Ray Bradbury, one of my favorite authors, was so dedicated to his craft that he would rent a typewriter in the basement of a college library everyday to keep himself free from everyday distractions. At last count he has published 11 novels, 21 plays, 44 collections, and over 400 short stories, so he must have been onto something.
I admire disciplined writers, although I am not one.
Sure, for the last 4 years I have contributed 3-4 columns each month for the Times Observer, but that all happens on top of my regular duties at Family Services. I have good intentions to write a column a week, but the reality is that I get busy organizing support groups and working with clients (as it should be) and the columns get pushed off until there is just one left on file at the newspaper. Then I sit down and write a whole month's worth at once. That is as disciplined as my writing gets, although it doesn't seem appropriate to classify "utter desperation" a system.
7:40 am The columns for October, which will unfold over the coming weeks, are still unwritten as I type these words at the end of September. I have pulled a few late nights this week, so I arranged to work a half-Friday at home to minimize distractions. Hidden away in the quiet of my home, I figure I can get the columns finished by mid-day and then get an early start on my weekend. Before embarking on my writing, I drive my son to high school so as not to throw off the rest of the family's normal routine. Now I am back in front of the computer, topic in my head, and ready to write.
8:00 am "Dad, can I check my Facebook? I need to coordinate my ride to school and it will only take a minute," said my daughter. Not wanting to interfere with higher education, I trade the computer for a yellow legal pad and begin a column longhand. The awareness finally comes over me that I've been at the kitchen table for a long time, so I head back to the computer in the other room where my daughter is looking at pictures of cats in tuxedoes. She vacates the computer so I can type up the column and mentions that her ride fell through.
10:00 am After a quick trip to Jamestown Business College, which was somehow routed through the Tim Horton's drive-thru, I am back at the computer and ready to write. It is still pretty early in the day and I have one column written (sans typing). It is not inconceivable that I can still get everything finished by 1 pm. I get into the next column and then the telephone repairman comes to the door. I am not aware that anything is wrong with our downstairs phone as it was my wife, I find out, that put in the service call. I go up and down the steps trying our other lines for dial tone. When they all check out, I hold the dog by her lead as the service man goes outdoors and indoors a half dozen times. He eventually discovers that someone just unplugged the answering machine. Perfect.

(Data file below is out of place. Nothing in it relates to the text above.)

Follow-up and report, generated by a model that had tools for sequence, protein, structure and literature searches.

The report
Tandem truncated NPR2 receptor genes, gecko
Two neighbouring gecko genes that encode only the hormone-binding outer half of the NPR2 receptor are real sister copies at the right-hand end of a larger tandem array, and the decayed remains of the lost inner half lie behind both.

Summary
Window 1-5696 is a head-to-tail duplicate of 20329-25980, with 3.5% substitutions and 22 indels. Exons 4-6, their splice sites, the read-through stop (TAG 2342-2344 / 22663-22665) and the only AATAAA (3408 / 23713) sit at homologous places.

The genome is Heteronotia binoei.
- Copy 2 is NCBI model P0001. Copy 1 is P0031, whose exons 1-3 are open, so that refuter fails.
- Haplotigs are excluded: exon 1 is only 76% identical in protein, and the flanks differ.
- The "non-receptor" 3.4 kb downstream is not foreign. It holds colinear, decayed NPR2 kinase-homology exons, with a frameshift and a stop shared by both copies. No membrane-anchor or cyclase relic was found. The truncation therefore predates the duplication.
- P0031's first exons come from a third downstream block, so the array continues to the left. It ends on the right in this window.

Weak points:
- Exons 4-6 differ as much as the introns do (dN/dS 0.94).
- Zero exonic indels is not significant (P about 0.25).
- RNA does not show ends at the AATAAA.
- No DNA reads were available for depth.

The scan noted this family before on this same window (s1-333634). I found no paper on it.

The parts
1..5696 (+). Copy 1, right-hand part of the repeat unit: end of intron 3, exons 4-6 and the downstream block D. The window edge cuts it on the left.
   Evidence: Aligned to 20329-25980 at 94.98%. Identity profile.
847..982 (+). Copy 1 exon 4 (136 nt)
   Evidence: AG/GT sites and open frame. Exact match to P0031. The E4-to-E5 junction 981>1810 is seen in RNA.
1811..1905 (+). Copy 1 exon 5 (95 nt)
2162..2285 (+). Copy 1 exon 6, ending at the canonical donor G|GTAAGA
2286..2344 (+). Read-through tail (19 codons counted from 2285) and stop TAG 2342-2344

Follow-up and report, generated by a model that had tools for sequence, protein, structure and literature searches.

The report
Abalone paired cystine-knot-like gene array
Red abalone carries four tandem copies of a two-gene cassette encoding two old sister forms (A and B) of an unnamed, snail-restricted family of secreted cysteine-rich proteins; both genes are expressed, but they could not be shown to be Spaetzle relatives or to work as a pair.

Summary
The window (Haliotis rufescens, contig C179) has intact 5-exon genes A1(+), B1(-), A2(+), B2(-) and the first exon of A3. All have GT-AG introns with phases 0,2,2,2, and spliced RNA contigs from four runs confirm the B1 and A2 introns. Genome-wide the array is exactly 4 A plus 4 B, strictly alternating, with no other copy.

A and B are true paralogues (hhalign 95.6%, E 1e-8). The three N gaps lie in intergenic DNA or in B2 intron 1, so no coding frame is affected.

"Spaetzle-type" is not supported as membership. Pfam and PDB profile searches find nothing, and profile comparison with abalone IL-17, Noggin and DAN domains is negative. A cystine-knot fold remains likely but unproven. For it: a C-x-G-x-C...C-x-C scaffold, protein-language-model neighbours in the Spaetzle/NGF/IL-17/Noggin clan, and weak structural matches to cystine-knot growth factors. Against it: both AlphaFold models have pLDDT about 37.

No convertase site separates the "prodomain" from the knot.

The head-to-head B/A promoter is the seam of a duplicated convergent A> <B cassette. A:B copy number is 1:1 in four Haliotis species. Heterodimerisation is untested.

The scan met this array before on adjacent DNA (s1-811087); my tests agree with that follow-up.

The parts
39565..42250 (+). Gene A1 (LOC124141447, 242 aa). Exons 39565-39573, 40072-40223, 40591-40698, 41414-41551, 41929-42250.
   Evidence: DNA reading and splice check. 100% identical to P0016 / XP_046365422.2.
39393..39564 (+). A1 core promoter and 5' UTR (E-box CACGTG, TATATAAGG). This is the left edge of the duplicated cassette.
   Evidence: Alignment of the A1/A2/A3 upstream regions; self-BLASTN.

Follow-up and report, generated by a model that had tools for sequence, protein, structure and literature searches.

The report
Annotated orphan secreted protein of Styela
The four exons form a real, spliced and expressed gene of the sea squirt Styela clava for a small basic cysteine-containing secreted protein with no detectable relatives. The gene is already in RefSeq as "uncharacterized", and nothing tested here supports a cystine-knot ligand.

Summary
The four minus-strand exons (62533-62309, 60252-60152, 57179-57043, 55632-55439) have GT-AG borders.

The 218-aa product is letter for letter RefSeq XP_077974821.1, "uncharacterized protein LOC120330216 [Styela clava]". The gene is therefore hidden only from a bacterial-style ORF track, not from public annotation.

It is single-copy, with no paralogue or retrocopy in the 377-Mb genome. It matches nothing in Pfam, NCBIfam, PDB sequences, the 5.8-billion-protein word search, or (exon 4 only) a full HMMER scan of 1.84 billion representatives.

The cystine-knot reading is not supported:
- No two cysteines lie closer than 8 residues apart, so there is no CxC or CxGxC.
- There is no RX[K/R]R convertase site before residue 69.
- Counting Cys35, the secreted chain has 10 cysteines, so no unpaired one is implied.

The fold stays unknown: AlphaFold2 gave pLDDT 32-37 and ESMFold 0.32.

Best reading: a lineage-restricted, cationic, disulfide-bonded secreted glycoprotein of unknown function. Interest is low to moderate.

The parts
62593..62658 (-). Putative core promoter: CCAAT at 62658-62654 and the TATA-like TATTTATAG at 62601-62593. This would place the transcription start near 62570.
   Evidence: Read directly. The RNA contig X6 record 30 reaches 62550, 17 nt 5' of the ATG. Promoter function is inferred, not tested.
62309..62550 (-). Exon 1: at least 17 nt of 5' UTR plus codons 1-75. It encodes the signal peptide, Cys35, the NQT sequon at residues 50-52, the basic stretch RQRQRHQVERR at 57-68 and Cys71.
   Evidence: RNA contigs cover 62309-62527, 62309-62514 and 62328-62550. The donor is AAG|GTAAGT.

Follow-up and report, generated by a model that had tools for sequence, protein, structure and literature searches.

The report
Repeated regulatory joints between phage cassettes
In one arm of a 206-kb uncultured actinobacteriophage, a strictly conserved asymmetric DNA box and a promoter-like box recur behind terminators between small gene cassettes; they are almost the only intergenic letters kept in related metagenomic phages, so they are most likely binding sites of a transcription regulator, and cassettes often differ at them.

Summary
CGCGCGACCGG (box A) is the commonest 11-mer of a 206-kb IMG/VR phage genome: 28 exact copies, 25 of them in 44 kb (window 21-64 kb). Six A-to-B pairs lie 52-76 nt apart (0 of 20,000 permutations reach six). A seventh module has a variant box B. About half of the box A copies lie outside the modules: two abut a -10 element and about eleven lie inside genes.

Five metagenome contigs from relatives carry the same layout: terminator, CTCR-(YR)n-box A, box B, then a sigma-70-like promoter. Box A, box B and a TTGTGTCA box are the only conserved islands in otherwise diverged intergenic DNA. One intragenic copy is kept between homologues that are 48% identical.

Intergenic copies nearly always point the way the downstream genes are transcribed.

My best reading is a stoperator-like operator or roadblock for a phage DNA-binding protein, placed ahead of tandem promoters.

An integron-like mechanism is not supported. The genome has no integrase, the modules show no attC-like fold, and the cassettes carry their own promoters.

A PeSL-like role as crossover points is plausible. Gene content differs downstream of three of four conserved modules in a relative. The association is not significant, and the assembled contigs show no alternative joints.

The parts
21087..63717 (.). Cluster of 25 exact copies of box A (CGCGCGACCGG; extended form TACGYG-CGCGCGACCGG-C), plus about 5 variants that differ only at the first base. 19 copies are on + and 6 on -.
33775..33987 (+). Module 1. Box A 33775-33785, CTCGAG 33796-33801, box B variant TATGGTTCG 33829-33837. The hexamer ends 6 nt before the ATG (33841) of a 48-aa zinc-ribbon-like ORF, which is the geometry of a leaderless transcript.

11:00 am As I ease back into the groove of writing, I cave into the temptation to check my email to see if anyone at work needs anything. I regret doing so when I see the following two phrases in my inbox: "Gary Lester" and "computer problem." Don't misunderstand, Gary is a great guy-although his computer apparently doesn't think so. It is as if Gary puts off some sort of mysterious electrical field that interferes with its wiring. Exotic computer ailments seem to manifest when he simply presses the "on switch." A long cell phone call later, both Gary and the computer are back in business. At least until their next round of man versus machine.
12:00 pm It is now lunchtime and I can't comprehend how quickly Friday is passing by. I have made some headway, although meeting my target deadline is unlikely. "I can still pull these columns off by early afternoon," I tell myself as I wolf down a sandwich. The next hour or so is pretty productive. The quiet of the house is suddenly disturbed by a sound like pat, pat, pat, thump, scrape pat, pat, pat, thump, scrape There is only one member of the family capable of causing this kind of commotion, a certain black and white beagle named Aggie. I call her and am greeted by a perplexed doggie -pat, pat, pat, thump, scrape- who is staggering around with a glue mouse trap stuck to her front right paw. The sticky mess is dragging along a random assortment of household objects, including a dirty old sock and a plastic grocery bag. I carefully remove the glue trap, etc. and carry the dog to the bathtub. I wonder if Ray Bradbury ever had to stop writing to give a dog a bath.
1 pm onwards For consideration of space, I will omit detailed descriptions of the unbalanced load of wash that refused to balance, various telemarketing calls, and a trip to the supermarket to hunt for a critical ingredient for dinner.
3:30 pm My son returns home from a day at school. He looks enviously at me typing at the computer and says, "It must be awesome to get your work done at home." It's going to be a long night
Ian Eastman, M.A., is a community educator with Family Services of Warren County-a charitable agency that helps people solve problems and be happier through counseling, substance abuse services, and support groups. Learn more about this important work at www.fswc.org.